Janet Chance was a humanist, freethinker, and feminist who campaigned for sex education, birth control, and access to abortion. As Chair of the Abortion Law Reform Association, she led her colleagues in a campaign which led ultimately to the passage of the Abortion Act 1967.
Janet Chance was born in Edinburgh, the daughter of Alexander Whyte, who rose from a humble background to become Moderator of the General Assembly of the Free Church of Scotland, and the feminist and pacifist Jane Elizabeth Barbour. In 1912 Chance married the businessman Clinton Chance who, like Chance herself, was reacting strongly against an intensely religious upbringing. The couple moved to London and became enthusiastic members of the Malthusian League, which advocated family planning and the dissemination of contraceptive information.
In 1924 humanists Dora Russell, Dorothy Thurtle and others founded the Workers’ Birth Control Group to give working women access to birth control information. Chance became aware through her membership of the Group that many working class women could neither access information about contraception nor afford birth control. She thus volunteered as a lay worker at the Wandsworth Birth Control Centre, and in 1929 she opened her own Sex Education Centre, providing sex education and instruction in sexual satisfaction for women. In the course of her counselling work Chance discovered to her horror that 16 out of a sample of 21 clients had attempted an amateur termination of pregnancy and this revelation caused her to focus increasingly on abortion rights.
Chance considered that the prevailing sexual morality of her time was destructive of human happiness, heavily influenced as it was by Christian doctrine. In her book The Cost of English Morals (1931) she insisted that sex was life-enhancing and that it should be enjoyed for its own sake, free of the restrictions imposed by religion. To that end, she argued in favour of sex education both to disseminate knowledge of contraception and to enable women to have satisfying sex lives. She rejected the view that extra-marital sex was wrong, and suggested that divorce should be available where a marriage had been destroyed by insanity, life imprisonment, alcoholism, cruelty or desertion. And she demanded that all medically advisable abortion should be legalised. To most of her contemporaries these were shocking, even scandalous ideas. Chance also published Intellectual Crime (1933) in which she insisted on the importance of a rigorous respect for the truth, and The Romance of Reality (1934) in which she promoted ‘realism’ as a way of life opposed to religion and supernaturalism.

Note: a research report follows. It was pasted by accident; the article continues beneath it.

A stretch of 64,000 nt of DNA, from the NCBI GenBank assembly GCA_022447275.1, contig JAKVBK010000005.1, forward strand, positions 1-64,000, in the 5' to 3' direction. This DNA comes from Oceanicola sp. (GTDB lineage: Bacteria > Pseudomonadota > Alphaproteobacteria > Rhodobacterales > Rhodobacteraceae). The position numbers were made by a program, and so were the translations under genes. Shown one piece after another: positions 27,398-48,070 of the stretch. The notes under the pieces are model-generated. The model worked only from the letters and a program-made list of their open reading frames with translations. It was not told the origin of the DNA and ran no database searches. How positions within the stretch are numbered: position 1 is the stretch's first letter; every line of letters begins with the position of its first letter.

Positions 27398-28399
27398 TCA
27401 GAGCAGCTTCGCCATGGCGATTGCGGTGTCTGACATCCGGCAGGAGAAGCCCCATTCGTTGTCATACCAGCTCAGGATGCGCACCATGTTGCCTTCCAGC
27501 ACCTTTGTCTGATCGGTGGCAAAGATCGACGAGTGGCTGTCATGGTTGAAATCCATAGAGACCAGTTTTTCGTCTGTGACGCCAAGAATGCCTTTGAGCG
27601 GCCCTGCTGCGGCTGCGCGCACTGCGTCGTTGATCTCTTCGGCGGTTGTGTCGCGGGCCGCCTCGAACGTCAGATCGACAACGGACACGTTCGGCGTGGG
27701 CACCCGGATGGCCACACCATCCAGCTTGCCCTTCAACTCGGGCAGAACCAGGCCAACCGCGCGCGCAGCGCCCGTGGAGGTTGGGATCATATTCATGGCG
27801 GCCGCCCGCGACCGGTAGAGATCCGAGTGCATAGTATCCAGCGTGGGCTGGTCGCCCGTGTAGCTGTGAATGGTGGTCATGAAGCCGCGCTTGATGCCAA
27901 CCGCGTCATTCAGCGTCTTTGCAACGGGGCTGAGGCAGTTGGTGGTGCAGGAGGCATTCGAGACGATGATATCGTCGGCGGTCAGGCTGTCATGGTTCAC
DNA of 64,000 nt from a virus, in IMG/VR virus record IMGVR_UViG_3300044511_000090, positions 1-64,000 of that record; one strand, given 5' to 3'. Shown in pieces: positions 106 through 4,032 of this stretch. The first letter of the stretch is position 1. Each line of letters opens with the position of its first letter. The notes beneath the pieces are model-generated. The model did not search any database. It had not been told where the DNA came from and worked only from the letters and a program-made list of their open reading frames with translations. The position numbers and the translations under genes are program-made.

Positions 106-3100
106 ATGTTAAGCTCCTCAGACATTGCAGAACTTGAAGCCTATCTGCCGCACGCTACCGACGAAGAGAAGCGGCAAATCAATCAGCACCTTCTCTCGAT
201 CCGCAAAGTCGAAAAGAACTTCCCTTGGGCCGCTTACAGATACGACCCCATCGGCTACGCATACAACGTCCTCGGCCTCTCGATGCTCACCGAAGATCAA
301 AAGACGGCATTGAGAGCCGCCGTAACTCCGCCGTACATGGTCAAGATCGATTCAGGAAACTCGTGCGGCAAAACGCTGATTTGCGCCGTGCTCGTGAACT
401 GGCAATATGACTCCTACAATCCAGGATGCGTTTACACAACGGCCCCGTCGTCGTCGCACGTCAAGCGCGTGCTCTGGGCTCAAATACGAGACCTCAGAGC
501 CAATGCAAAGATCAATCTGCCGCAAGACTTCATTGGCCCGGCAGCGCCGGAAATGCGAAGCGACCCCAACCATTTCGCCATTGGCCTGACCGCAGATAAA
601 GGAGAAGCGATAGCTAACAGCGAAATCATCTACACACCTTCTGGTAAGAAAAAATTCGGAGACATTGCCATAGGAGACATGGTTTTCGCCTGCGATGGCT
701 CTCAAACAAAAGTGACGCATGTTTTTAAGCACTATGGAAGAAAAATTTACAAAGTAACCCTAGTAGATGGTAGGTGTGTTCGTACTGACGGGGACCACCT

In February 1936 Chance and her fellow humanists Stella Browne, Alice Jenkins, Frida Laski, and Dora Russell met at Clinton Chance’s Piccadilly office and agreed to found a society for the reform of the abortion laws. The launch of the Abortion Law Reform Association took place at Conway Hall in May that year with Chance giving a speech from the Chair outlining ALRA’s policy. Membership of ALRA in its first year was just 35, but by 1939 numbers had grown to almost 400, most of whom had been recruited through labour groups and women’s branches of the co-operative movement. Every year, by ALRA’s estimation, some 90,000 women tried to induce an abortion without medical advice, often with fatal results.
Chance became one of ALRA’s most dedicated activists, haranguing small crowds from her soapbox on Hampstead Heath, funding the organisation’s running costs from her own resources, and on one occasion paying for 43,000 ALRA pamphlets to be sent to doctors across the country. In 1937 she gave evidence alongside Browne to the Inter-Departmental Birkett Committee on Abortion, telling the committee that ‘the working woman needs this relief more than her sisters’. Chance believed that the law should allow abortion when advised by a doctor on either medical or ‘social’ grounds, a right of especial value to financially insecure working women, and she was disappointed by the Birkett report which she described as ‘feeble’.
The outbreak of war in 1939 largely brought progressive campaigning to a halt. Chance, Browne, and Jenkins formed themselves into a skeleton committee to keep ALRA in being, but little could be achieved until the hostilities ended. Chance helped to find accommodation and work for refugee writers from Czechoslovakia, and then withdrew to her home in Hampshire where she wrote radio scripts for the BBC and raised chickens as her contribution to the war effort.
In 1945 ALRA changed direction, launching a campaign to secure a private member’s bill to legalise abortion. However, progress was slow and of the three members of the wartime ALRA committee only Jenkins lived to see the passage of David Steel’s Abortion Bill in 1967. Chance’s worsening mental health had forced her to resign as Chair of ALRA and in December 1953, while suffering severe depression following her husband’s death, she killed herself by jumping from a window.
The feminist historian Olive Banks described Janet Chance as ‘one of the most radical feminists of her generation’ while fellow humanist campaigner Madeleine Simms saw her as ‘a woman of great personal magnetism, with a capacity for inspiring devotion in all who worked with her’. Like many humanists in the women’s movement, Chance worked tirelessly for an unpopular but vital aim which was only realised after her death. Indeed, according to Jenkins, Chance thought of herself ‘as having been born at least a century too early’. Nevertheless, her energetic and devoted leadership of ALRA led ultimately to the passage of the Abortion Act 1967, which brought about a significant reduction in human suffering and thus a better world.
Janet Chance, The Cost of English Morals (1931)
Barbara L. Brookes, Abortion in England 1900-1967 (1988)
Janet Chance, Oxford Dictionary of National Biography
By Paul Ewans